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  31. WY says:

    “How can I recap a game I haven’t watched?”

    Ask Dave Cameron! (Sorry, that was too easy.)

    I can imagine it being very frustrating. At least you can write off the antenna as a business expense. That obviously doesn’t excuse Cablevision and Fox, though.

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  32. Visnovsky says:

    As always with issues like this, I am 100% for the waterboarding of executives on both sides of this issue.

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  33. John Q says:

    Here’s a couple of options:

    If you have a digital t.v. you can watch over the air broadcasts with a standard t.v. antenna. This all depends how far you are from NYC. and where you live. You probably will need an amplified vhf/uhf antenna that run for about $30 dollars.

    If you have an analog t.v. you will need a digital converter box that cost about $30-50 dollars and an amplified vhf/uhf antenna for about $30 dollars.

    You can pay $9.99 and watch it live at mlb.com on your computer.

    You can watch it on delay for free on fox.com on your computer.

    You can watch it on delay on cablevision, usually the next day on the mlb channel.

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  34. Wondering says:

    I could be wrong, but couldn’t you write this off as a business expense and just save the money in taxes?

    It is, after all, a business expense, right? You need to watch the World Series to properly do your job as a writer for FanGraphs.

    It wouldn’t solve the underlying problem, of course, but it’d make the antenna essentially free.

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    • Rich says:

      Being able to write something off doesn’t mean its free. It just means that you don’t have to pay income tax on the money spent off of it.

      That means a $30 antenna costs $30, instead of the $50 worth of labor it costs to take home $30.

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  35. John Q says:

    You could also listen to the game on the radio.

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  36. pft says:

    Monopoly capitalism at work.

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  37. Aussiedodger says:

    “”I cut Cablevision a check every month for my cable service. In exchange, they deliver me the appropriate channel package. Fox is included in that package. Now I have to cut the same check as every month, only for a lower level of service. “”

    You pay by cheque?
    How do you have internet in the 1970s?

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    • Alireza says:

      1) Checks are still used in the US for a fair number of things, especially rent payments.

      2) “Cut a check” is an expression, though you probably knew that.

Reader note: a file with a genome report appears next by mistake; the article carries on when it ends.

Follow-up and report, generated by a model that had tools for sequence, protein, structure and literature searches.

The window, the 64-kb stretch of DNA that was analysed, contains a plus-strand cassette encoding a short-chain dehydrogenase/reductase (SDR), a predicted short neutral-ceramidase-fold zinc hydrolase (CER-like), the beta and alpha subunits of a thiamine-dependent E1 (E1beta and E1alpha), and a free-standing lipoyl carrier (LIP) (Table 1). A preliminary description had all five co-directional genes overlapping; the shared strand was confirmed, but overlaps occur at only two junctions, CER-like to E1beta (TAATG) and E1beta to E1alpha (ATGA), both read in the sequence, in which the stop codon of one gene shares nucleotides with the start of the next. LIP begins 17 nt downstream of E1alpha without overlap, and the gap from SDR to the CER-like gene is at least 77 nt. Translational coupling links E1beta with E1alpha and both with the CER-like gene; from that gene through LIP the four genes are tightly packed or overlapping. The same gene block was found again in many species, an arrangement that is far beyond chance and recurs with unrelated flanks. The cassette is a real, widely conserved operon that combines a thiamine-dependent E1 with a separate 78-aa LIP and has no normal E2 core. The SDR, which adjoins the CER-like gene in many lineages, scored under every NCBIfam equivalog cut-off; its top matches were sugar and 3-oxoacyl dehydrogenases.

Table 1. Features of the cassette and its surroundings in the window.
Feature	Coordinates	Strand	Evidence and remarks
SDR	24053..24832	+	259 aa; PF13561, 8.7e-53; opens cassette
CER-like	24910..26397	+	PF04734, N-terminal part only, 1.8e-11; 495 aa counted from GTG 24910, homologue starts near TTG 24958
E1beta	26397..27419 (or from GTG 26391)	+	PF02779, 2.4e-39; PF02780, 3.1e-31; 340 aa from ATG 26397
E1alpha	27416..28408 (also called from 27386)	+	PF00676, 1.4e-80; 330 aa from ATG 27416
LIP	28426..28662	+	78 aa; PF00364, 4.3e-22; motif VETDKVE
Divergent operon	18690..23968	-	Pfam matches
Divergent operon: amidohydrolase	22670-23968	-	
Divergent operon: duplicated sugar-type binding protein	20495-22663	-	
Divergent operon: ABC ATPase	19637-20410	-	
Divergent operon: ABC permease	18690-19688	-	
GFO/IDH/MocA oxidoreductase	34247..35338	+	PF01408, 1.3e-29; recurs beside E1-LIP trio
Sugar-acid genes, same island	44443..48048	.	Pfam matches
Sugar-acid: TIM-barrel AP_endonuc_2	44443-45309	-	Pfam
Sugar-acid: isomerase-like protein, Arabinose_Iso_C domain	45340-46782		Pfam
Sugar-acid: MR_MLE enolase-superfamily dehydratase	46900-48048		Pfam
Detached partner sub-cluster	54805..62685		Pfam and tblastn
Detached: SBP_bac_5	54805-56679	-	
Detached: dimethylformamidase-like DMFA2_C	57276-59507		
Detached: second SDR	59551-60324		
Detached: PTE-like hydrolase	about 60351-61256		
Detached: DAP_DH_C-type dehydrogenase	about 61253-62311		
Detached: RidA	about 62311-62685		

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  38. marshen says:

    Dish Network is having a similar dispute with FOX that took away FSN and FSNwest that provided local ports programming in the Los Angeles area and everywhere else Dish operates. I missed out on the last three regular games of the Angels baseball season. This began October 1, and nothing has happened to resolve the dispute. I have kept up with this story from various news sources and find they are not even talking.

    The only thing I have found out is all the other FOX stations will be pulled November 1, potentially blacking out the final games of the World Series. I could switch providers but it seems a pattern is developing with FOX that once their contract runs out with any cable provider, this increase in fee demands ensues, leading to programming being pulled. If you change cable or satellite companies today because of the dispute there is no guarantee your new company is going to be exempt from this situation down the road in the near future. I am sure this will probably be resolved by start of the baseball season next year but if not I will be forced to make the switch anyway.

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  39. Drew says:

    To those suggesting watching the game online through postseason.tv – this is not an option by itself. You get raw camera feeds, not the broadcast feeds. This means you don’t have someone switching cameras for you to follow the action, and theer are no replays, zooms, etc. It is a piss poor way to watch a game, but could possibly be decent in addition to a radio broadcast.

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  40. Train says:

    I understand your frustration, but I think your blame is a little off base. You signed up for Cablevision wihtout any guarantee that the line-up today would be the line-up tomorrow. If they failed to agree on a contract with HGTV you probably wouldn’t hae even noticed it disappear from your options. It’s a business and they can’t just suck up and fee hike just to placate their customers’ assumptions about what they should offer. Also, you have a choice, you don’t have to pay for less service, just terminate your subscription. It’s a service business not a utility. And if you have to blame anybody, Fox deserves more of your ire. You think they didn’t realize the timing of their fee increase? In fact, I have to give kudos to cablevision for standing up to the nasty Austrailian and his dirty ways of doing business. In the meantime, check out MLB’s companion coverage, it’s not bad, or go watch the game at a bar, you might have a good time.